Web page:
Controls on the Kinematics of Slow-moving Landslides from Satellite Radar Interferometry and Mechanical Modeling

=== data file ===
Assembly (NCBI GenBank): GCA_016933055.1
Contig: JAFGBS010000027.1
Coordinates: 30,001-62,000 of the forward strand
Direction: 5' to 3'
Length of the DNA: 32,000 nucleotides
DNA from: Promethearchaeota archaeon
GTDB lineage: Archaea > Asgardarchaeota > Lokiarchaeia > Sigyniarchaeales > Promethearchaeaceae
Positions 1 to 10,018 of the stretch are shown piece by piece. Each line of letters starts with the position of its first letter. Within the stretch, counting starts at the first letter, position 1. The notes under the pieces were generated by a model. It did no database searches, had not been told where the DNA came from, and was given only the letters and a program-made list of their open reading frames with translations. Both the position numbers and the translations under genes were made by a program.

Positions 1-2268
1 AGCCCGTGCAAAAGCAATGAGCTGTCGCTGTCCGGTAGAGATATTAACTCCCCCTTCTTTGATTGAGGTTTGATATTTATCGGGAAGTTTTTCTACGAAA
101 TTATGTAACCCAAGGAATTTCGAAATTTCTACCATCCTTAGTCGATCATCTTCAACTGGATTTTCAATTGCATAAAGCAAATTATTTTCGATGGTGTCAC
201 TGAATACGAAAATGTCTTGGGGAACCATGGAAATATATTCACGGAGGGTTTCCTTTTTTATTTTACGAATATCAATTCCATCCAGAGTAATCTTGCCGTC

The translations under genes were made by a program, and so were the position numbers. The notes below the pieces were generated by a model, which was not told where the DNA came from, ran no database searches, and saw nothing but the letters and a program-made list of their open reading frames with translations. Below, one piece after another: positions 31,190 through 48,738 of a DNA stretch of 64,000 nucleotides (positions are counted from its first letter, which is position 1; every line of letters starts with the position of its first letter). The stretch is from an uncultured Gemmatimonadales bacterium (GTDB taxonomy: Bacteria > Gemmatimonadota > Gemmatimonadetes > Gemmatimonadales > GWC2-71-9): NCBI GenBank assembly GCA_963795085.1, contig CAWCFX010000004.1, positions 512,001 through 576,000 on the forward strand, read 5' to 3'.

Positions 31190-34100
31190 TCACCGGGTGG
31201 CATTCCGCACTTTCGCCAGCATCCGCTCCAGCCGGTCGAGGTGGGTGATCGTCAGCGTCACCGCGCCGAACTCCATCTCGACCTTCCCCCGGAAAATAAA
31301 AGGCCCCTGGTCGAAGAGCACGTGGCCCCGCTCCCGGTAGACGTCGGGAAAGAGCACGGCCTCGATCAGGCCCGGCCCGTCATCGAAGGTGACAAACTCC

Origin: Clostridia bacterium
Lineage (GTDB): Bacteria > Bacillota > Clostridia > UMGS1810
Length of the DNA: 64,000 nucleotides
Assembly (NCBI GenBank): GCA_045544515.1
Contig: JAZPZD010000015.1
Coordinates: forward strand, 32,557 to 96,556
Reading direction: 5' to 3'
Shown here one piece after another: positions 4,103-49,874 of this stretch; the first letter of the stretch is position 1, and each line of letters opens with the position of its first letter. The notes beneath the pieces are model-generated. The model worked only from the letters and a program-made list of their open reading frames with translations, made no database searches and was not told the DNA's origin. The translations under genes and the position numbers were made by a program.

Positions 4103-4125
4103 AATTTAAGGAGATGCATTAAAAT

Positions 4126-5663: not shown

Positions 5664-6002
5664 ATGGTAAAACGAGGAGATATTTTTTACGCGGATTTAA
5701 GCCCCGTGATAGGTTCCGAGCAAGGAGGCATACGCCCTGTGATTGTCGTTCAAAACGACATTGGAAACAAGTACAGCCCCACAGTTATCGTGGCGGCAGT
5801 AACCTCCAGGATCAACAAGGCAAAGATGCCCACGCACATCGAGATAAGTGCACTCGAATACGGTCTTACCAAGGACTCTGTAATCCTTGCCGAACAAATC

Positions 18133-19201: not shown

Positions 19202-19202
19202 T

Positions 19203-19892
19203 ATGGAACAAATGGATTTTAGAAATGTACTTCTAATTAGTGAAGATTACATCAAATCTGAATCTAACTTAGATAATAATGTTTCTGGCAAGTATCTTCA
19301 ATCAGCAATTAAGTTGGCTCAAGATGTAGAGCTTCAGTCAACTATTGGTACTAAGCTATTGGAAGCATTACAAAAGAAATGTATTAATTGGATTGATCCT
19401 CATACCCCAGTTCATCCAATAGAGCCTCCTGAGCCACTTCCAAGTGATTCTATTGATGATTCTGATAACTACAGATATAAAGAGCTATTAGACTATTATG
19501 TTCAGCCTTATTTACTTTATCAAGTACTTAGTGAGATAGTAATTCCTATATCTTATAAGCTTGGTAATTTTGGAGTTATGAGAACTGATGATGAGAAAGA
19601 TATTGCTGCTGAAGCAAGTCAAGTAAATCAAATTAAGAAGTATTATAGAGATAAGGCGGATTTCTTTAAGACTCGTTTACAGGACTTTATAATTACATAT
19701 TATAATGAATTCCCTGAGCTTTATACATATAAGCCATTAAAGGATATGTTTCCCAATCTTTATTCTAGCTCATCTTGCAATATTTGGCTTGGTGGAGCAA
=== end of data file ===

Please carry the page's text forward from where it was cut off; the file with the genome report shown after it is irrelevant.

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Landslides display a wide variety of behaviors ranging from slow persistent motion to rapid acceleration and catastrophic failure. Given the variety of possible behaviors, improvements to our understanding of landslide mechanics are critical for accurate predictions of landslide dynamics. Recent advances in remote sensing techniques, like satellite radar interferometry (InSAR), now enable high-resolution spatial and temporal measurements that provide insight into the mechanisms that control landslide behavior. In this dissertation, I use InSAR and high-resolution topographic data to identify 50 slow-moving landslides in the Northern California Coast Ranges and monitor their kinematics over 4 years. These landslides have similar mechanical properties and are subject to the same external forcings, which allows me to explore geometrical controls on kinematics. Each landslide displays distinct kinematic zones with different mean velocities that remain spatially fixed. Because these deformation patterns are sensitive to subsurface geometry, I employ a mathematical model to infer landslide thickness and find that these landslides exhibit a highly variable thickness and an irregular basal sliding surface. Time series analysis reveals that each landslide displays well-defined seasonal velocity changes with a periodicity of ∼ 1 year. These velocity variations are driven by precipitation- induced changes in pore-water pressure that lag the onset of rainfall by up to 40 days. Despite significant variations in geometry, I find no systematic differences in seasonal landslide behavior. To further explore how stress perturbations control landslide motion, I develop a mechanical model that reproduces both the displacement patterns observed at slow-moving landslides and the acceleration towards failure exhibited by catastrophic events. I find that catastrophic failure can only occur when the slip surface is characterized by rate-weakening friction and its spatial dimensions exceed a critical nucleation length that is shorter for higher effective stresses. These model simulations support my conclusions from the remote sensing analysis but also provide insight into the long-term evolution of landslides. This dissertation includes both previously published and unpublished co- authored material.